Access to loans still remains a serious challenge for many Liberian farmers as commercial banks in the country are not willing to lend farmers money. This is due to the fact that many farmers lack adequate collateral to be considered bankable.
To ensure that many farmers have access to loan to expand and increase production, President George M. Weah has announced a US$16 million grant from the World Bank to support smallholder farmers.
According to the Liberian President, the funding will be made available through the commercial banks to be given as loans to farmers at a reasonable interest rate.
The President made the pronouncement on Friday, February 12, 2021, when he launched this year’s National Agriculture Fair at the Central Agriculture Research Institution (CARI), in Suakoko, Bong County.
He said that farmers who are primarily engaged in to rice, cocoa, oil palm and rubber are to receive the loans.
“In collaboration with our partner, the World Bank, I am pleased to announce that US$16 million funding has been made available to support private sector farming in Liberia, which includes small and large scale farming. I am therefore asking the Ministry of Agriculture to begin the process of providing a complete database of all farmers in the areas of rice, cocoa, oil palm and rubber,” he said.
President Weah has promised that agriculture is a priority for his administration. However, support for the sector is not enough, especially when it comes to allocation in the national budget. Most of the money for agriculture comes from external sources as loans or grants.
The President, during the National Agricultural Fair, said that a technical committee comprising the Ministry of Agriculture, Commerce, Finance, Ministry of State, Justice and the Environmental Protection Agency will work with the banks to ensure the selection of qualified farmers for the disbursement of the fund.
He used the occasion to call on lawmakers to make better appropriation in the national budget for agriculture, something he said he will be willing to affix his signature to.
During the fair, Nimba County District #2 Representative and chairperson on the House Committee on Agriculture, Fisheries and Forestry, Prince O.S. Tokpa, outlined a number of issues confronting agriculture and expressed the urgent need to address these challenges to move the sector forward.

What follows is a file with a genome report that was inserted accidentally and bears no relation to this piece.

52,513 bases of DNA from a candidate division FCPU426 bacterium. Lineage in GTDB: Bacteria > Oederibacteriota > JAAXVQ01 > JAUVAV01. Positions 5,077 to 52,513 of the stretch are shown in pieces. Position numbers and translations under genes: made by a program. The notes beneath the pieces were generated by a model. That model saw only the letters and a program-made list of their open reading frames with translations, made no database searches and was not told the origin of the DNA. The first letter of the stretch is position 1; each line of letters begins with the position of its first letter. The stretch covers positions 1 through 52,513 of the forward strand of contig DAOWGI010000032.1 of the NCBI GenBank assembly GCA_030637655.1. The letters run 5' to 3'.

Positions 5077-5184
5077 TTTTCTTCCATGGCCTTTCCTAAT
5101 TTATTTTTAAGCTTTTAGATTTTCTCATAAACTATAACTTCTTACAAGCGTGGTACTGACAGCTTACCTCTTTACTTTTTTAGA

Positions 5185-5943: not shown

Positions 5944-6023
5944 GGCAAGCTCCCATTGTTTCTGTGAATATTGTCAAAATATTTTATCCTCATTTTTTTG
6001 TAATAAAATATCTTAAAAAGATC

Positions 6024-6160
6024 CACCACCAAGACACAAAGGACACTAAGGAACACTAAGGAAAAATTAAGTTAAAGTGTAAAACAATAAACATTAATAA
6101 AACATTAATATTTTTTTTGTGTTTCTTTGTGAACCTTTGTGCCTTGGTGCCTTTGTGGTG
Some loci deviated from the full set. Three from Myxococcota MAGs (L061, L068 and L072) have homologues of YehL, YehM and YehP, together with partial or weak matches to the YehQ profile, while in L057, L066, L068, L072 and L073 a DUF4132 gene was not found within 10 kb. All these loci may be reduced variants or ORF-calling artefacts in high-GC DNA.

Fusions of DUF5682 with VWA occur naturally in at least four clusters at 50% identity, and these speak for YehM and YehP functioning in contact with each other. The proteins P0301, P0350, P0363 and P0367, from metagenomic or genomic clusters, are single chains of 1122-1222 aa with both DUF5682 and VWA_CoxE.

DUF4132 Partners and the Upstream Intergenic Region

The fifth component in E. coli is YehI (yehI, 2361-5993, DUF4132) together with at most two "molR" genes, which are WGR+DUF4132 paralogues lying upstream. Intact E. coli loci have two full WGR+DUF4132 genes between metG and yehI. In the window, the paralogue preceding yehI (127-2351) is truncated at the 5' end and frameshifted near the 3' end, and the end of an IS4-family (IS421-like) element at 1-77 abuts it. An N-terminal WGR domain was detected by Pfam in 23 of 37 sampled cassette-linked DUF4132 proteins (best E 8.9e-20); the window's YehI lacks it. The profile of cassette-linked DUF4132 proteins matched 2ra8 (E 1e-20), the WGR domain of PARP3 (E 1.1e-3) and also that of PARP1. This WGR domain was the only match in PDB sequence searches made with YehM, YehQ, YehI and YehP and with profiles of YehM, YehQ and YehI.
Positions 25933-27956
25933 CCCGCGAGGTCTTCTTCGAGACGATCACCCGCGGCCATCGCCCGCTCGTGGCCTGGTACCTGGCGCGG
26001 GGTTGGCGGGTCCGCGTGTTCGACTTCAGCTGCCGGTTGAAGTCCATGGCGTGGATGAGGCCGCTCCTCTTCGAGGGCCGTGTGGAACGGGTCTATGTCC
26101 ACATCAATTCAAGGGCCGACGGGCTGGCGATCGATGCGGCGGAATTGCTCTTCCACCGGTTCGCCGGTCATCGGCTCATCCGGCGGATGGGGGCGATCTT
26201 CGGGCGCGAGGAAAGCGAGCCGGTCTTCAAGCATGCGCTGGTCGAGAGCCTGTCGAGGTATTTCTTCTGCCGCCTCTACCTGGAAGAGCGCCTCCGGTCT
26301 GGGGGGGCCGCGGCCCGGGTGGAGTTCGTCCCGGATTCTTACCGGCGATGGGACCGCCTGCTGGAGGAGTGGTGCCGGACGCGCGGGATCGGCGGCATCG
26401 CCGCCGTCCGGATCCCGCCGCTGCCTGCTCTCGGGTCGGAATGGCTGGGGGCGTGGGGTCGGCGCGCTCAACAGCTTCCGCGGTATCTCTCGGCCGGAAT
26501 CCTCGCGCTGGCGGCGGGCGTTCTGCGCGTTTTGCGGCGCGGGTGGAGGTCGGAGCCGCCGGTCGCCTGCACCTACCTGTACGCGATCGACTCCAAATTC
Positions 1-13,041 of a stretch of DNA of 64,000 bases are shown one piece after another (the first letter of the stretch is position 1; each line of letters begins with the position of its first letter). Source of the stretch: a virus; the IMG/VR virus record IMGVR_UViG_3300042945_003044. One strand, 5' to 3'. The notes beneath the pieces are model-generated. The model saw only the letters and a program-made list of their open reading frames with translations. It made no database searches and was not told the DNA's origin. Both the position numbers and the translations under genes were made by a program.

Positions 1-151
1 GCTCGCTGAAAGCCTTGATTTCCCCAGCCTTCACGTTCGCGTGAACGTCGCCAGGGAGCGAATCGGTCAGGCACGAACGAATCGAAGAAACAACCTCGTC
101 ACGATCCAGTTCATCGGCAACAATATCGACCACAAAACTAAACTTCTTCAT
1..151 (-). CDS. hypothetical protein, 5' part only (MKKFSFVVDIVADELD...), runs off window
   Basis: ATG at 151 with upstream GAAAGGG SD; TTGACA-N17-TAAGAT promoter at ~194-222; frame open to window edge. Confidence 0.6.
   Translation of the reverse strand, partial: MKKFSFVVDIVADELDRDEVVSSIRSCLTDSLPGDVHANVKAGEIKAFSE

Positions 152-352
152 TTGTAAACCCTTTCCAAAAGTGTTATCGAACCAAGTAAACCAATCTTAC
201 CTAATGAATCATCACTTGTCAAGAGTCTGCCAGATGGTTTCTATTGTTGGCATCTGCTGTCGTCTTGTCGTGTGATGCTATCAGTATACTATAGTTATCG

In response, President George Weah said budgetary allotment is done by the Legislature and that Representative Tokpah is in the best position to increase the budget for Agriculture.
“I’m glad that you are in support of mechanized farming, but you have to take the lead as budgetary appropriation is the responsibility of the lawmakers. Once you want us to increase the budget for agriculture, I will surely agree with you,” the President emphatically stated.
Representative Tokpa, in an exclusive interview with our reporter, promised to lobby with his colleagues to allot 10% of the country’s total national budget for agriculture in line with the Malabo Declaration for Food and Nutrition Security.
“The President has said that agriculture is a priority; so, as lawmakers, we will ensure that the sector is better supported to reduce poverty in the lives of farmers and make the country food secured,” said Rep. Tokpah.
Liberia as a nation is yet to align with the Malabo Declaration for Food and Nutrition Security that calls for every African Government to allot 10 percent in its national budget as support agriculture.
Meanwhile, the President of the National Rice Federation of Liberia (NRFL), Mohammed Kamara, has welcomed the initiative of the Liberian government to assist farmers.
He told the Daily Observer via mobile phone that Liberian farmers are happy about the opportunity, adding that it helps farmers to increase production.
“We are pleased with the initiative of the Government to provide money for farmers to improve production but would like to see this done in a timely manner,” Kamara said.
Kamara added that there is a need that the government sits with farmers, particularly with the leadership of the rice sector to derive means as to how the members of his sector would benefit from the amount announced and other opportunities that may come.